Recently, I was invited to be a guest on a podcast (sponsored by Intel) called Digital Nibbles and the topic was Consumer Clouds. Digital Nibbles is a podcast that discusses data centers, cloud computing and other topics around big data, DevOps, mobile and IT in the enterprise. As an interesting twist to the traditional corporate subject matter, we turned to consumer clouds, what they are, what they aren’t and how many of us are using them. We also dove into the dangers of many cloud-based services from the standpoint of a parent.
I encourage you to listen to the entire podcast (available here) and also playable below:
One of the key points that I wanted to make is that consumer products and electronics are becoming increasingly cloud-connected. In fact, we are seeing a convergence of functionality into single devices as well as a cloud-enabling of others. The most obvious consumer device that has become cloud is that of the smartphone (iOS, Android & Windows Phone). Some integrations are tighter than others, but one way or another, they are becoming increasingly pervasive. You can create, edit and share Google Docs, store your recently taken photos within iCloud and interact via applications with a variety of cloud-based services from banking to photo storing and sharing.
Another convergent device reaping the benefits of cloud services is that of the smart TV where consumers are now literally overwhelmed with a variety of rich media services delivered on-demand (think Hulu, Netflix, Amazon On Demand and countless others). Google TV, Roku and Apple TV are set top devices that act as cloud services management consoles and gaming consoles like the Playstation, Xbox or Wii providing other types of enrich media devices that are transporting the cloud gaming services directly to our living rooms.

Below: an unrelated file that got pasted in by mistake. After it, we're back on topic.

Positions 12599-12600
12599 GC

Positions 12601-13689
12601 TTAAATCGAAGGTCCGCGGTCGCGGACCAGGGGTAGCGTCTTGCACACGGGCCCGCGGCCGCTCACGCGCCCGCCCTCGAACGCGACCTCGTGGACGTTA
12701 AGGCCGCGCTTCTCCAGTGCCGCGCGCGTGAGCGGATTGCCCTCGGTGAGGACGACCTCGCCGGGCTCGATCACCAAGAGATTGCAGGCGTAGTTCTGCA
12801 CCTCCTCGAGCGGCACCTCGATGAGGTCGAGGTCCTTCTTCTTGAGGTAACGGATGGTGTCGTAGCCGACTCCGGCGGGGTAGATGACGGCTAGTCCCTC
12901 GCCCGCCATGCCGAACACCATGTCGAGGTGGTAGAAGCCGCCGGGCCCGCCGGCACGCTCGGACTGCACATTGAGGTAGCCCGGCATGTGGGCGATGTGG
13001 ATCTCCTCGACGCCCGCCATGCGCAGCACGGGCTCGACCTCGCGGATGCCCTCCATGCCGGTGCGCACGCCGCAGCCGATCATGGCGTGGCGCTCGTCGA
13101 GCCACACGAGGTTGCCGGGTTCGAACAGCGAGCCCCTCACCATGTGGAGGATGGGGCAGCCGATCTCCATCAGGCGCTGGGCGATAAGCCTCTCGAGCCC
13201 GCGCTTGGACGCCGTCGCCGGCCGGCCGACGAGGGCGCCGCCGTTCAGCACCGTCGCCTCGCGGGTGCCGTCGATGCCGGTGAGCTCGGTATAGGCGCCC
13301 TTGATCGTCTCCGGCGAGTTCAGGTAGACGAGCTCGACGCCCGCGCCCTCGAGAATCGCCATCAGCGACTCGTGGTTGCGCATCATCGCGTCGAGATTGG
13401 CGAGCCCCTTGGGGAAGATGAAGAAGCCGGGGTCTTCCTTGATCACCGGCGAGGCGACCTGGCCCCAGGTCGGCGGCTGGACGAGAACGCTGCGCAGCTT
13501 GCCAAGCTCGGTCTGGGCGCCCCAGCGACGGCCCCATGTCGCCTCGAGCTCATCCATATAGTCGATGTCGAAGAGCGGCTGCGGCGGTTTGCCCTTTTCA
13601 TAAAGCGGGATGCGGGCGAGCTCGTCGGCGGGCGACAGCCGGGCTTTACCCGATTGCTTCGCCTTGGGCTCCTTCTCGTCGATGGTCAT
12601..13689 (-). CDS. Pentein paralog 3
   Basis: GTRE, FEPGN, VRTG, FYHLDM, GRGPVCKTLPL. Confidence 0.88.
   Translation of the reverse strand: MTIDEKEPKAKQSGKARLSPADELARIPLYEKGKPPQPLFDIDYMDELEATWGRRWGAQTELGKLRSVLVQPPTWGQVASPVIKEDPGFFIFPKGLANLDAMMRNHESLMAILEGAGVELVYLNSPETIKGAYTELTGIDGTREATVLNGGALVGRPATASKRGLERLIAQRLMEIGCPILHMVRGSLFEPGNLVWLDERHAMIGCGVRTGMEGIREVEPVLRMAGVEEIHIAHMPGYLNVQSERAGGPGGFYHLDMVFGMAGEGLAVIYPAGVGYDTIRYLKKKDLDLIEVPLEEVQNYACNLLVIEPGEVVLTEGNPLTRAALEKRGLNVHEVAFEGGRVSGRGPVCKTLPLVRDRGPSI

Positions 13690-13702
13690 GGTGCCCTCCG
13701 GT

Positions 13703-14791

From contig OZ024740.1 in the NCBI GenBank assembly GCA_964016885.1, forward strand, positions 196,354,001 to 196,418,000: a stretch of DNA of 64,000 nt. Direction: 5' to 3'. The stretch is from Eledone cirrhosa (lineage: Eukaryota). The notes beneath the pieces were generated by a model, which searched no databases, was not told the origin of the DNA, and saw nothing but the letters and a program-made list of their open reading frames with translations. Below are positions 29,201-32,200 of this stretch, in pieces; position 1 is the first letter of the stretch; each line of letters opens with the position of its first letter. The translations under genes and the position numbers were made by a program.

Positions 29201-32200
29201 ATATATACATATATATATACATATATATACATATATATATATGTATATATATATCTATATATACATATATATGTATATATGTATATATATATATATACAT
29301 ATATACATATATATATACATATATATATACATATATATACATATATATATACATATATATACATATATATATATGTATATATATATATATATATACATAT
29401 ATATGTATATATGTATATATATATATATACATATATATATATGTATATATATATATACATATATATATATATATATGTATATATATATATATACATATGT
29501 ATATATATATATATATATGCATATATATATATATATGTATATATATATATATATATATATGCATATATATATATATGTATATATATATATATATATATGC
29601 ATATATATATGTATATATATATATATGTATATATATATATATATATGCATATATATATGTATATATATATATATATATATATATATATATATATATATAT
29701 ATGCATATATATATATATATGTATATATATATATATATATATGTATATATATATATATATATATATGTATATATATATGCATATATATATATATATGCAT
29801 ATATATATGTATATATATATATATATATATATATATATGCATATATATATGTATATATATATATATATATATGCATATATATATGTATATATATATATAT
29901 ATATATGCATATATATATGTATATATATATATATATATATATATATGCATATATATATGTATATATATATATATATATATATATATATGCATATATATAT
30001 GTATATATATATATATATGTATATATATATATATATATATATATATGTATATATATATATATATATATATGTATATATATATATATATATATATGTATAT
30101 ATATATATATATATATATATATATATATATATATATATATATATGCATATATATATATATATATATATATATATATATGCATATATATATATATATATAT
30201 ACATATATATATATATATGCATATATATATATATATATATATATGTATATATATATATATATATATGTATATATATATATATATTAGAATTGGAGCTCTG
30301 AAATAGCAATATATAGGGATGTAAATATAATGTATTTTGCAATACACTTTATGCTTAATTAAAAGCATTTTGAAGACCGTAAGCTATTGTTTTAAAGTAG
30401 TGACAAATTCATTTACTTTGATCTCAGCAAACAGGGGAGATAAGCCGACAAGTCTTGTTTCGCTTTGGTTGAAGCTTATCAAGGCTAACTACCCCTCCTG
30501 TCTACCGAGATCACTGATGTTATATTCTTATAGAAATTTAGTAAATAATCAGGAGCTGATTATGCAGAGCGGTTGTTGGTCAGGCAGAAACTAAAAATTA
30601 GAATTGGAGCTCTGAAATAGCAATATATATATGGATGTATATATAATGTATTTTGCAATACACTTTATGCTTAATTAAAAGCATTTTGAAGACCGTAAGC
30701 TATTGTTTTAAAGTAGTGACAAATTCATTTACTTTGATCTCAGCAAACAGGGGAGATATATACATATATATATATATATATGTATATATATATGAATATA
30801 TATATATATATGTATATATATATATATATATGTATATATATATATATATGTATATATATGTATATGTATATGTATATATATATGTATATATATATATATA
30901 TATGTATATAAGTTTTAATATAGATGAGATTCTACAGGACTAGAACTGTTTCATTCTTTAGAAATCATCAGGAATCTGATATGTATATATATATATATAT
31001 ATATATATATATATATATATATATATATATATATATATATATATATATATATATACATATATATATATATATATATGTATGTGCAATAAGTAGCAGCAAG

I firmly believe that if a consumer electronics manufacturer, or even a consumer appliance manufacturer isn’t looking to integrate some form of cloud service into their product, that product will fail. Consumers expect integration. And they expect the electronics or technology that they purchase to evolve, not be instantly outdated. A great example of this actually comes from the automobile industry. Ford, for example, has been innovating to bring information (and even entertainment) services to the dashboard of your car. And now, as these services evolve, and new ones are formed, you, as the consumer, can update your auto’s intelligence to evolve with the services.
However, as we discussed in the podcast, as these cloud-based services evolve, so do the dangers, especially in the hands of our young generations. I have written many posts about the dangers of the HUGE cloud applications that our kids use hundreds of times a day – that of social media applications like Facebook. Without guidance, these types of clouds in the hands of our kids can be risky. Children need to be trained on the risks of social sharing without boundaries (the cloud is limitless, remember). And many of these cloud-based consumer services may not have you or your kids’ best interests in mind when they write their Terms of Services. They, after all, want and need to make money, at the cost of your privacy. Many consumer cloud services are free for the basic services, but they do make money from your personal information, the data you share or save to their cloud, unless explicitly specified or prevented by you (via privacy controls).
There are some other subjects that I won’t go into in this article that come up in the podcast so I do encourage you to give it a listen. My point here is that technology is more accessible and available than ever. Carved into that technology space is cloud computing and within that, the consumer cloud is one that is growing faster than most people can keep up. You ARE already using it whether you like it or not. It definitely isn’t a bad thing, quite the contrary, you can now do more with your smartphone, TV or automobile than you ever could even a few years ago. I do, however, suggest that you educate yourself on how you interact with consumer clouds, especially around the data that you share.
HTD says: What are your thoughts on Consumer Clouds? Are you using them? Do you even know it?